If you’re like most Americans, your home is your single largest investment in the future. As such, you take steps to maintain it and improve it, from repainting the walls to upgrading the kitchen. However, there may be points where you’re faced with a crisis that threatens both your home and your finances. Major, expensive home repairs are a nightmare for any homeowner.
The good news is that they’re not entirely inevitable. In this article, we’ll review how some of these expensive home repairs can be avoided through preventative maintenance and proactive homeownership.
Replacing your cooling and heating systems
Your air conditioner and furnace are two of the most significant investments in your home. In most cases, living without working cooling or heating is not an option. If you’re put in the position where you need to replace either, you can expect to pay thousands. An aging AC or heating system dying is a sudden financial shock to most homeowners.
While nothing lasts forever, there are steps you can take to extend the life of your HVAC systems and prevent the need for repairs. The key, as with most things in your home, is preventative maintenance. In the spring, you’ll want to call a locally trusted AC company and have them out to your home to inspect and maintain your cooling system thoroughly. By doing this before summer arrives, you significantly reduce the risk of a system breakdown and boost your air conditioner’s energy-efficiency. The same principle applies to scheduling a fall tune-up for your furnace.
Remember: cooling and heating repairs can be pricey, but will never be as expensive as replacing the system as a whole. If your technician recommends a repair be made, don’t wait. Fast action can be the difference between keeping your current system and having to replace it prematurely.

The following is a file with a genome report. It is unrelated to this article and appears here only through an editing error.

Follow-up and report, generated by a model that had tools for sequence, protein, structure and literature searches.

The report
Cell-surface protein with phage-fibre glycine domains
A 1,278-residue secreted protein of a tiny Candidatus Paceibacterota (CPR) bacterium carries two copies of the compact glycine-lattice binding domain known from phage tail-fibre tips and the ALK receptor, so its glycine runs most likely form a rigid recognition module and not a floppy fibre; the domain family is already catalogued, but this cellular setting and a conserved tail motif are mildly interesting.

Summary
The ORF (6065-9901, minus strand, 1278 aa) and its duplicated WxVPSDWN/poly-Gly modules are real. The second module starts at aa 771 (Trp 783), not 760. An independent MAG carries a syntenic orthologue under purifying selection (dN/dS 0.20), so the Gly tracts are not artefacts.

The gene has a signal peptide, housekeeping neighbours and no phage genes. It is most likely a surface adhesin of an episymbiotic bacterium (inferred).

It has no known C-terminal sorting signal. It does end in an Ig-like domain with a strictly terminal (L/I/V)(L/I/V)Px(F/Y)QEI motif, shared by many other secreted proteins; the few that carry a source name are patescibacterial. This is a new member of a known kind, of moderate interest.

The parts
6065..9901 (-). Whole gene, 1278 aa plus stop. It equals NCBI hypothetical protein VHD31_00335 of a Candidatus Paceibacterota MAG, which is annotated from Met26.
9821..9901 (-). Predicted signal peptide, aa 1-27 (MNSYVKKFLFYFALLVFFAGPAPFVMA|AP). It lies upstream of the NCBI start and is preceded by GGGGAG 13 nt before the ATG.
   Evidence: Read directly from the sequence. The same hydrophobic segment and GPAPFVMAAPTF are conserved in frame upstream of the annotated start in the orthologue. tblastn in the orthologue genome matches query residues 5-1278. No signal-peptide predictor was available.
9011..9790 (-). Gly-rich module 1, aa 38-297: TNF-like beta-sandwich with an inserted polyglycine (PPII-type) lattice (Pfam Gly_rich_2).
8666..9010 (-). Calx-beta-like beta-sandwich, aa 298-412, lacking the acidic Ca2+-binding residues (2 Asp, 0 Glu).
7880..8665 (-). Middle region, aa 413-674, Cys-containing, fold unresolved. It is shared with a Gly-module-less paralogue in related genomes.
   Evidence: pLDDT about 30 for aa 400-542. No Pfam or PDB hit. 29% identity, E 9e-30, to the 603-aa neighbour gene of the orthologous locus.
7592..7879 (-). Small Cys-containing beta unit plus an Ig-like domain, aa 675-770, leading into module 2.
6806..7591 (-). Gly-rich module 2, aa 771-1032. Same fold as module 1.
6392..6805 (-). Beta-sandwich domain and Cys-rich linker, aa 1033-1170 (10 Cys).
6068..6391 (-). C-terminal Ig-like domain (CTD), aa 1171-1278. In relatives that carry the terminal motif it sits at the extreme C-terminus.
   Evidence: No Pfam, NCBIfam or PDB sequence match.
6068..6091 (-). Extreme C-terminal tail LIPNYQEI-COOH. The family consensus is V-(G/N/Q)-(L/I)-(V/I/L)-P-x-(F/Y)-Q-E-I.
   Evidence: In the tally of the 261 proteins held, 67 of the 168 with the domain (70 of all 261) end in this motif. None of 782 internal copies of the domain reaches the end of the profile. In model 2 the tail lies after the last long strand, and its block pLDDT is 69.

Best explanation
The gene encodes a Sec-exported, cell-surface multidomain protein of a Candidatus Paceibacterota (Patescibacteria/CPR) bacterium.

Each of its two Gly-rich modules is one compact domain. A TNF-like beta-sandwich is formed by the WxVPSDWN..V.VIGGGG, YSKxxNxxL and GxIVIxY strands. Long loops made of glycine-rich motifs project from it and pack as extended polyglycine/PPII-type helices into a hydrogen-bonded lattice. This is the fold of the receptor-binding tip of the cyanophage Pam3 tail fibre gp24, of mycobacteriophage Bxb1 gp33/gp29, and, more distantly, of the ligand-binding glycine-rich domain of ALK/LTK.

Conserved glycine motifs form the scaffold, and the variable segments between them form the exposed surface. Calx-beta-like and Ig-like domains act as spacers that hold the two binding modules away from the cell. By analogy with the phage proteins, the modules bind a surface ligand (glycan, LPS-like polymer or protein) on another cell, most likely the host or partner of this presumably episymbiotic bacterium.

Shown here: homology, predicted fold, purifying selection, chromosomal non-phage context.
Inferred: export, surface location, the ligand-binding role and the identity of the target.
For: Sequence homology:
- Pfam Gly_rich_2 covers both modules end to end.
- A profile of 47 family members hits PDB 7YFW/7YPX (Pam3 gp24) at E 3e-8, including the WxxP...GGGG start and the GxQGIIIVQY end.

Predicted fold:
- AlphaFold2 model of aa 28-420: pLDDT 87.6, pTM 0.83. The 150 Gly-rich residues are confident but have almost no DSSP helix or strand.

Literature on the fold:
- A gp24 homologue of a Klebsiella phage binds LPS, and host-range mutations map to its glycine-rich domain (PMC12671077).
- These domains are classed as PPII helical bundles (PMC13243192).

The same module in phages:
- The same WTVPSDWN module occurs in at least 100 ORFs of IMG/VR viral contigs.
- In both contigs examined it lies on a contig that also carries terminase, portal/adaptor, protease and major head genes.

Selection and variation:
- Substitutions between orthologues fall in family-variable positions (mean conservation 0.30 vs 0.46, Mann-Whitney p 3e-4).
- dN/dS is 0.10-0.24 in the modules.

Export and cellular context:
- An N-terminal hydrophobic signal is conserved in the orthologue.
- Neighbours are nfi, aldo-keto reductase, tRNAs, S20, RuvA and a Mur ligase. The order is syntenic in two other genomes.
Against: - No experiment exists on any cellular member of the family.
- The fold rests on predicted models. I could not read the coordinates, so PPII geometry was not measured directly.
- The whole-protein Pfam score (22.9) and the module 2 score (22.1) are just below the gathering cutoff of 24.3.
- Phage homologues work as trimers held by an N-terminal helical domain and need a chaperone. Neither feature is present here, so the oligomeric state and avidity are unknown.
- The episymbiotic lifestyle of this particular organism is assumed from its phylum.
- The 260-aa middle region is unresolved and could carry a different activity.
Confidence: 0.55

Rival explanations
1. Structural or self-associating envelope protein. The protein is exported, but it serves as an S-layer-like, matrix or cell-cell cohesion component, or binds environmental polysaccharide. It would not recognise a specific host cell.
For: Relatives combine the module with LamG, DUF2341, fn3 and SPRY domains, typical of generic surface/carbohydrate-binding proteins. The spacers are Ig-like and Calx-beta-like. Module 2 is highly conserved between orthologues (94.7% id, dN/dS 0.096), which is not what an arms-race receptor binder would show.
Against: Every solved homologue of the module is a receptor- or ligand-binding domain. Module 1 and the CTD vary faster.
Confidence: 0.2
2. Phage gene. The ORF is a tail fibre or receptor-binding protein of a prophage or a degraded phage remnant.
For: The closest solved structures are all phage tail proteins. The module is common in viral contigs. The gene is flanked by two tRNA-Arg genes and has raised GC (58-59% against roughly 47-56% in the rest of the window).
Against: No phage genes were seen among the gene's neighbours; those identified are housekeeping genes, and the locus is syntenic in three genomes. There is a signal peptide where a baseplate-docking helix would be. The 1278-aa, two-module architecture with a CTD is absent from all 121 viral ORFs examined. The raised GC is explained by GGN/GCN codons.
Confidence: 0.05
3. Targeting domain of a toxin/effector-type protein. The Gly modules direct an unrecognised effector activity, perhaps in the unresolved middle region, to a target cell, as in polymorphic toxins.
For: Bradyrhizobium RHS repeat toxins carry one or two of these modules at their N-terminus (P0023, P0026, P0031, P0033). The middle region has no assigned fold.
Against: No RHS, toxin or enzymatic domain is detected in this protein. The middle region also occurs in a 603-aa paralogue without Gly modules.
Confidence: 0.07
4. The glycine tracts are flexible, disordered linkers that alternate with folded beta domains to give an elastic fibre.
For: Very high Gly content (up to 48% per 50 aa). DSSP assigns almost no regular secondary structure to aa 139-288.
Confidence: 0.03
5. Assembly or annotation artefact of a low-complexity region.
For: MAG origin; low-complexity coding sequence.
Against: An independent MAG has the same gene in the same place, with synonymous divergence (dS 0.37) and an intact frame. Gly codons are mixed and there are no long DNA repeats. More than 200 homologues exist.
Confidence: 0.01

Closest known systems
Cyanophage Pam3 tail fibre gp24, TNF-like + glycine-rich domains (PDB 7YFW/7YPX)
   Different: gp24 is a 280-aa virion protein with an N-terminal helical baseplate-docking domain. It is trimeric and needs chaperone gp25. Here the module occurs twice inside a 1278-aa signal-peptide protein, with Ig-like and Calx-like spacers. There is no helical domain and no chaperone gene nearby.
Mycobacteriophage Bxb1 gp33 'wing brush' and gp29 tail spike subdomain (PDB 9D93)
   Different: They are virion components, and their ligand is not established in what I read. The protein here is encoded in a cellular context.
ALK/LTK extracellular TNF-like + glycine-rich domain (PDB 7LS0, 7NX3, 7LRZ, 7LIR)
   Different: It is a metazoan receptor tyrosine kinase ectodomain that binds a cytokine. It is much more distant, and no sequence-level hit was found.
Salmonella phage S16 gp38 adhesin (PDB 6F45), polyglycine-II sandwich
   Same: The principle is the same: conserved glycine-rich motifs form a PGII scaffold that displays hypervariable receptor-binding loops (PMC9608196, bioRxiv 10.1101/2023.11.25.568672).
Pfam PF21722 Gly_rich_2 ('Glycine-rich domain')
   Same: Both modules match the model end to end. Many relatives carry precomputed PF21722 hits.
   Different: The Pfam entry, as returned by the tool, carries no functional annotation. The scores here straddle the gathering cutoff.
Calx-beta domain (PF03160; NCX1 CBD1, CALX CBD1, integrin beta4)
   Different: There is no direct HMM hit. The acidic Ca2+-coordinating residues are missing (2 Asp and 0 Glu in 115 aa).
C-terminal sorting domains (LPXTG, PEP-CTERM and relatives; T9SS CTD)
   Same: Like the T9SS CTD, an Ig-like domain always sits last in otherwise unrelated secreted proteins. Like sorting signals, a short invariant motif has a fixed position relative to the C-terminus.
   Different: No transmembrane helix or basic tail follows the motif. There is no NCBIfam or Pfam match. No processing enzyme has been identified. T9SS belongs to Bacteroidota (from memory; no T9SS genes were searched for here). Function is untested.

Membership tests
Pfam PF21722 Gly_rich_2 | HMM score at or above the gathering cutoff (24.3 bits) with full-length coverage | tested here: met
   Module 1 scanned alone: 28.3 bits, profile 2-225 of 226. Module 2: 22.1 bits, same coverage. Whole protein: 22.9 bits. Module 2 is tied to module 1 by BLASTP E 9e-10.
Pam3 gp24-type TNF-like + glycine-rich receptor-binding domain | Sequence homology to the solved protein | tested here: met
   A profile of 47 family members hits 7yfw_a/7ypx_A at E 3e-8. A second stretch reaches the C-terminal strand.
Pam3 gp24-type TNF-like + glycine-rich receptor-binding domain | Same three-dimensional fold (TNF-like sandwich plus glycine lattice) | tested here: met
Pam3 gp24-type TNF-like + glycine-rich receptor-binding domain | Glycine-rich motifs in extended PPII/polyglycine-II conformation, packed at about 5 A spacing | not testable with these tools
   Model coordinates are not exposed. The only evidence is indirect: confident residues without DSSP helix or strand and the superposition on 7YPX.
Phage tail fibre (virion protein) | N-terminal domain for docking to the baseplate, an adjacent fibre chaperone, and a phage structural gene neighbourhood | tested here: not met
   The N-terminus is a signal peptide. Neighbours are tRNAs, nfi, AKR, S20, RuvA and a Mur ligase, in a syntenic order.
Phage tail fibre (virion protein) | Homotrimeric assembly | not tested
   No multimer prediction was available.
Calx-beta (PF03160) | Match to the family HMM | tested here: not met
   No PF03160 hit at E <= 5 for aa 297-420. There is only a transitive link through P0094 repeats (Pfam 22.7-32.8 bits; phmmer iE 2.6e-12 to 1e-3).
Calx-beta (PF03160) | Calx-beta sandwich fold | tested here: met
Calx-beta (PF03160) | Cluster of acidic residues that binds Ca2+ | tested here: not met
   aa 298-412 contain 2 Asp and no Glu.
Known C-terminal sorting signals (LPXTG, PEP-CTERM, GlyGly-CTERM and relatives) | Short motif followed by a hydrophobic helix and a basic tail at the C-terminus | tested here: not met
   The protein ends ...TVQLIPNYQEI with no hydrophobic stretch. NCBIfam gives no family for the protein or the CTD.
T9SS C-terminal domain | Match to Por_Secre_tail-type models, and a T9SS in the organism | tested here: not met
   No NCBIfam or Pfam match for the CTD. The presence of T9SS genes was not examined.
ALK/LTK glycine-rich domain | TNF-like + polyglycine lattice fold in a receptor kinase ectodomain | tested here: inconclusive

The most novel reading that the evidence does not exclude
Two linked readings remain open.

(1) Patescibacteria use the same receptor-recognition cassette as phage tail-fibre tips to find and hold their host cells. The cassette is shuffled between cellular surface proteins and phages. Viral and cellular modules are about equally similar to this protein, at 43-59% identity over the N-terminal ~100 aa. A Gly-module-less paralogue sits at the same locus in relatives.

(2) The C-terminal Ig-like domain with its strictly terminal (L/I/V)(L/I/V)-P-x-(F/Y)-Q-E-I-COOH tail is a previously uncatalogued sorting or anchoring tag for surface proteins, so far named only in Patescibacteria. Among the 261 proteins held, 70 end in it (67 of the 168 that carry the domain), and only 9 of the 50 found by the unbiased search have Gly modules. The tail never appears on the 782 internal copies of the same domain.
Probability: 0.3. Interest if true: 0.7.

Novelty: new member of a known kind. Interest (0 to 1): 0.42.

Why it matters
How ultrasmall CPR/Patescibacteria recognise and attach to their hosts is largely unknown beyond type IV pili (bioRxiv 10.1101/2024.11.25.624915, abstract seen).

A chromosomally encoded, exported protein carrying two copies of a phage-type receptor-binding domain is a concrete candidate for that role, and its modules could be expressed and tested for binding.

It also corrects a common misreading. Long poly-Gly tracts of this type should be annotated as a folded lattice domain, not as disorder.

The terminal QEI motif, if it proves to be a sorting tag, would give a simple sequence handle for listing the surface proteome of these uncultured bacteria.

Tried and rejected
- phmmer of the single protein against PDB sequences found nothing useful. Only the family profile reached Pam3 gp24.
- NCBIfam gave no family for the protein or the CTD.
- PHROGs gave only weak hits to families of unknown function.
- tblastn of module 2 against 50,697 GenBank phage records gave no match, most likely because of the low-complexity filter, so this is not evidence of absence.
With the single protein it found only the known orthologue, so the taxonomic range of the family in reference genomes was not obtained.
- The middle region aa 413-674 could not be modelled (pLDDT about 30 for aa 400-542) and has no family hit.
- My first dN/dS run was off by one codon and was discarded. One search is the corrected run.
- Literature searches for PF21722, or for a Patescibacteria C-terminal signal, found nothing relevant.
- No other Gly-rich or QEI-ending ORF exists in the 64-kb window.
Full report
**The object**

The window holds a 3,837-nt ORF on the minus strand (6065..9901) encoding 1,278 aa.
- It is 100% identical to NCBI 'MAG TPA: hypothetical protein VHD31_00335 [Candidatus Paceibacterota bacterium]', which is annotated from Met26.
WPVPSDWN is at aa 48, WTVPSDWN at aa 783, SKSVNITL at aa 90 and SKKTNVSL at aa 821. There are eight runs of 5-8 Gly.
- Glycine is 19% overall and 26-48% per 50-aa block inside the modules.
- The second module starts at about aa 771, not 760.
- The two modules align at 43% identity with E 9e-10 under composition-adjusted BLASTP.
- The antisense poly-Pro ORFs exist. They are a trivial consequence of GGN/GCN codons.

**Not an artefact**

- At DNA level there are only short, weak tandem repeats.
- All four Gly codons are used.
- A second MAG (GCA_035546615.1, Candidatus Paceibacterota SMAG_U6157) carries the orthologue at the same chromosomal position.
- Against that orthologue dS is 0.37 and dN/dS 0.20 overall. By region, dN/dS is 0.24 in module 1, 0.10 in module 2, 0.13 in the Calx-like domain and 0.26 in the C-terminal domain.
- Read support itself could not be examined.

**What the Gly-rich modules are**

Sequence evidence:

Addressing foundation and structural issues
If your home’s foundation or structure is damaged, the repairs could be extensive and expensive. While some of these issues are unavoidable, many causes of foundation and structural issues are preventable. For instance, termites do millions of dollars of damage to U.S. homes every single year. Homeowners who are proactive and on alert for signs of termite activity and termite-related damage will be more likely to stop an infestation before it causes structural damage.
Water damage is always bad news for your home, but some of its most expensive consequences are when the foundation and structure are negatively impacted. For example, water leaks can impact the soil beneath the foundation, leading to sinking or bowing walls in your basement. For this, you’ll need to have an expert out to assess the problem and put stabilization measures into place. Some of the most extensive of these repairs can cost you tens of thousands of dollars.
Repairing water damage
Unfortunately, water damage is a common problem many American homeowners eventually have to deal with at one point or another. Regardless of its source—a leaking pipe, a leaking roof, or a leaking water heater—the presence of water represents a clear-and-present danger to your home. Water not only attacks the structure and foundation but can also encourage mold and mildew growth.
As with your HVAC system, some degree of preventative maintenance can help you avoid disaster. For example, regular roofing checkups from a professional will likely help you avoid a significant roof leak. Caring for your water heater and replacing it when it shows signs of cracks or leaks is the key to preventing a tank burst. While not all plumbing problems can be avoided, you do have the power to be proactive when you notice an issue. No plumbing problem has ever fixed itself, so procrastination is the enemy. You may not be able to prevent water damage completely, but you can limit its impact on your home—and overall cost—with quick action.
Here’s the common thread linking all of these preventative measures together: getting the help of a professional. Due to the nature of these issues, the risk they pose to your home, and several other factors, these projects are not DIY repairs. Do the smart thing and bring in an expert right away.